Vivid Colors Erupt At Frieze, Large-Scale Abstract And Figurative Works By Women Artists Wow

Natasha Gural, Forbes, May 18, 2023

Abstraction wrangles with representation, as delicate flowers mingle with bold fruits floating on the textured canvas, guiding our eye on a joyous exploration of shapes and colors and lines and drips.


Mary Lovelace O'Neal’s vibrant and energetic TID - Flowers and Still Life, Who Expected It (circa 1990s) is among the brightest and boldest of 7-foot-by-5- foot paintings on view at the Jenkins Johnson Gallery booth at Frieze New York 2023, which opened to the public today.


Born 1942 in Jackson, Mississippi, Lovelace O’Neal is a painter, printmaker, educator, and storyteller who is renowned for her singular interpretation on Abstract Expressionism, conveying powerful narratives about the political and cultural consciousness of the civil rights and Black Arts movements.


Vibrant large-scale abstract works captured my gaze at yesterday’s preview, featuring a wide range of artists and artworks from more than 60 galleries representing 27 countries, including 33 with a New York location.


“New York City is the undisputed center of the art market, and as such art lovers and collectors will be able to immerse themselves in the international perspectives that the fair brings to the city,” said Christine Messineo, director of Frieze New York and Frieze Los Angeles.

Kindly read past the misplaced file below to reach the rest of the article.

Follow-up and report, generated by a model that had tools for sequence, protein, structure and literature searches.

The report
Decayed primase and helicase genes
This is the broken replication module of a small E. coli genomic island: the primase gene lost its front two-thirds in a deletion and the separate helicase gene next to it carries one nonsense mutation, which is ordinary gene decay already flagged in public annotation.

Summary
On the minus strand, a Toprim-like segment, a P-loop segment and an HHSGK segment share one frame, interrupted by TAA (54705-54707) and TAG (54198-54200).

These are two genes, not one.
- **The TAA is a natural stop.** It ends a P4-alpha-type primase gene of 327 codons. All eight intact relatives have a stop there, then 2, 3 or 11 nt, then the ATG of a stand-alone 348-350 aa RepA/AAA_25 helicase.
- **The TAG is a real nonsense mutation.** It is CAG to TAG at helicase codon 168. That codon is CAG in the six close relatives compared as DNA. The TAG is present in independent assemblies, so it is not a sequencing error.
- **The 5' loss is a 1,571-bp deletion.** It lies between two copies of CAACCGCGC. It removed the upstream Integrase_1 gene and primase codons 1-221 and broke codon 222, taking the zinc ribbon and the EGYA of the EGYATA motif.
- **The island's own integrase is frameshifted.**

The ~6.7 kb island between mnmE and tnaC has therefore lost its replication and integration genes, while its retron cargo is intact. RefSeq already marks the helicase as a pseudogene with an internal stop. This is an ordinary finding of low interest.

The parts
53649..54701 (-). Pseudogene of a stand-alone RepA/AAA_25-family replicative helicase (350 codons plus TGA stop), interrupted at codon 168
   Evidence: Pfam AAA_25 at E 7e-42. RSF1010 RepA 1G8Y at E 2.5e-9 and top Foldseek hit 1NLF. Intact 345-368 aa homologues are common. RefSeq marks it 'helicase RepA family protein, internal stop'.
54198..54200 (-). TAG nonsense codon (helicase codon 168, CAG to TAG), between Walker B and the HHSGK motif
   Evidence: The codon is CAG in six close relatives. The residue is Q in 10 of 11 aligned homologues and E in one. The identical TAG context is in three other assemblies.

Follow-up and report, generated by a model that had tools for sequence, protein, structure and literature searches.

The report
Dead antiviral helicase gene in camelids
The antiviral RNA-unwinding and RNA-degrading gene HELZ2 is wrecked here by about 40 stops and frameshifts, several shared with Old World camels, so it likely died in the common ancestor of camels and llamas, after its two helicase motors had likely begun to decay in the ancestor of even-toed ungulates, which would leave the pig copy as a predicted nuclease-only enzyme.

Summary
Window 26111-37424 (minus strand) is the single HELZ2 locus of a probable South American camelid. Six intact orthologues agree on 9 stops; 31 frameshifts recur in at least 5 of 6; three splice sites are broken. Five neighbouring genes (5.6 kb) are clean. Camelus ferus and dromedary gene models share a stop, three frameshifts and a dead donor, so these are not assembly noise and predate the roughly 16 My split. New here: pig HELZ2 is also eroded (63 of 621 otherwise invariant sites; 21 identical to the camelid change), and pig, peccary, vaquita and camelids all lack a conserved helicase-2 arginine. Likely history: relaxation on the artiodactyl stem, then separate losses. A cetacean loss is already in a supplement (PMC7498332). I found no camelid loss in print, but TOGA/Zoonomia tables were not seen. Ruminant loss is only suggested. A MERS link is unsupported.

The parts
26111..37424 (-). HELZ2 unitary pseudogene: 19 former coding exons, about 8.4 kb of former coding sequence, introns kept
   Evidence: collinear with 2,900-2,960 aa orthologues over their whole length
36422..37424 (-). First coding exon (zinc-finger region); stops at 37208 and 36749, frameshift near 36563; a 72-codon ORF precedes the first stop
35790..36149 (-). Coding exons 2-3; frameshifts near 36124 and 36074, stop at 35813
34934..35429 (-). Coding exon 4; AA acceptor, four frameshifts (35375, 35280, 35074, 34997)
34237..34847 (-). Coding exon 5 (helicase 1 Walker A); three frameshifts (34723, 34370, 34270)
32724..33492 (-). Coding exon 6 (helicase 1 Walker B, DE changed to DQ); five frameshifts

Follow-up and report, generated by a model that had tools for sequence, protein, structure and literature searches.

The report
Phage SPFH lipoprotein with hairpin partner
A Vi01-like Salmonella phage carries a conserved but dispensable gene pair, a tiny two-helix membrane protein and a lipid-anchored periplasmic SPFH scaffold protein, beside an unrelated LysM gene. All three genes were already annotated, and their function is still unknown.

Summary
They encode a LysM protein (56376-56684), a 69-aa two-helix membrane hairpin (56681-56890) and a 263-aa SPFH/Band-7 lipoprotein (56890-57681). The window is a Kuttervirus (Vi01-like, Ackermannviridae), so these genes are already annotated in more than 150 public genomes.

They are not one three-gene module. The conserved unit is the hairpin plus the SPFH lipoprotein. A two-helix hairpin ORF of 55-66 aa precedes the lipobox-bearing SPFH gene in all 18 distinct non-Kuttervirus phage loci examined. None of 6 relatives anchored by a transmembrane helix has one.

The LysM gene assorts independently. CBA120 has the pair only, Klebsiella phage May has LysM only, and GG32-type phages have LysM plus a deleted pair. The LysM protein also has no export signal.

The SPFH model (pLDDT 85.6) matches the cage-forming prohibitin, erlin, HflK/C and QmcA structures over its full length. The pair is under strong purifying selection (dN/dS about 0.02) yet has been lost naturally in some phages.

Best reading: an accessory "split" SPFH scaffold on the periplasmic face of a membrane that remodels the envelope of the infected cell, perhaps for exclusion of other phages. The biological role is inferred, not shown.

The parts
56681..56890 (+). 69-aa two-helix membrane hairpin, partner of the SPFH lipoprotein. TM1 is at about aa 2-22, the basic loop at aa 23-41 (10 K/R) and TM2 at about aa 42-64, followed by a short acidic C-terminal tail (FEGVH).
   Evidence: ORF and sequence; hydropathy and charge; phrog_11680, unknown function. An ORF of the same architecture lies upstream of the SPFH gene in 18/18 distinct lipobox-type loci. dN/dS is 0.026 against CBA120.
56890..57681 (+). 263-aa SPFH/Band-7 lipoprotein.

As a dog mother, I giggled and imagined my four-year-old Waggytail Rescue pug mix Athena depicted as the subject of Elizabeth McIntosh’s Staging Sappho (2023), unsurprised that the playful oil on linen sold quickly at the Canada gallery of New York booth. The orangish dog stands right of center, head turned from a profile pose to face the viewer and tail curled up, signaling canine continent. McIntosh amplifies a field of watercolor and pools pigment into oil paint. A black outline of the same dog appears in works she created in 2022.
Born 1967 in Simcoe, Ontario, McIntosh lives and works in Vancouver, where she is a professor at Emily Carr University of Art and Design. Like Lovelace O'Neal, McIntosh bridges abstraction and figuration in an inimitable style and color palette while building layers and stoking curiosity.

Pacita Abad’s How Mali lost her accent (1991) won my attention at the Tina Kim Gallery booth at last year’s Frieze New York, and yesterday I was enchanted by an older lavish multimedia work, Rama (1982). Born 1946 in born in Basco, Batanes, a small island in the northernmost part of the Philippines, between Luzon and Taiwan, Abad first visited Indonesia in 1983, where was instantly drawn to the Wayang–Indonesian traditional puppet drama–and the traditional art forms of Java, Irian Jaya, and Sumba island.


Abad, who died in 2004, completed more than 70 paintings in six months for her captivating and richly layered Ramayana Tales series. Rama, a prince of Ayodhya in the kingdom of Kosala, is the central figure of the The Rāmāyaṇa, one of two significant Sanskrit epics of Hinduism, known as the Itihasas (history), which is widely read in South Asian cultures. The earliest stage of the text, which has been translated into many languages, is believed to date back to the 8th to 4th centuries BCE. Abab crafts a contemporary narrative from ancient wisdom, inspired by the embellished costumes, theatrical props, and tales of The Rāmāyaṇa.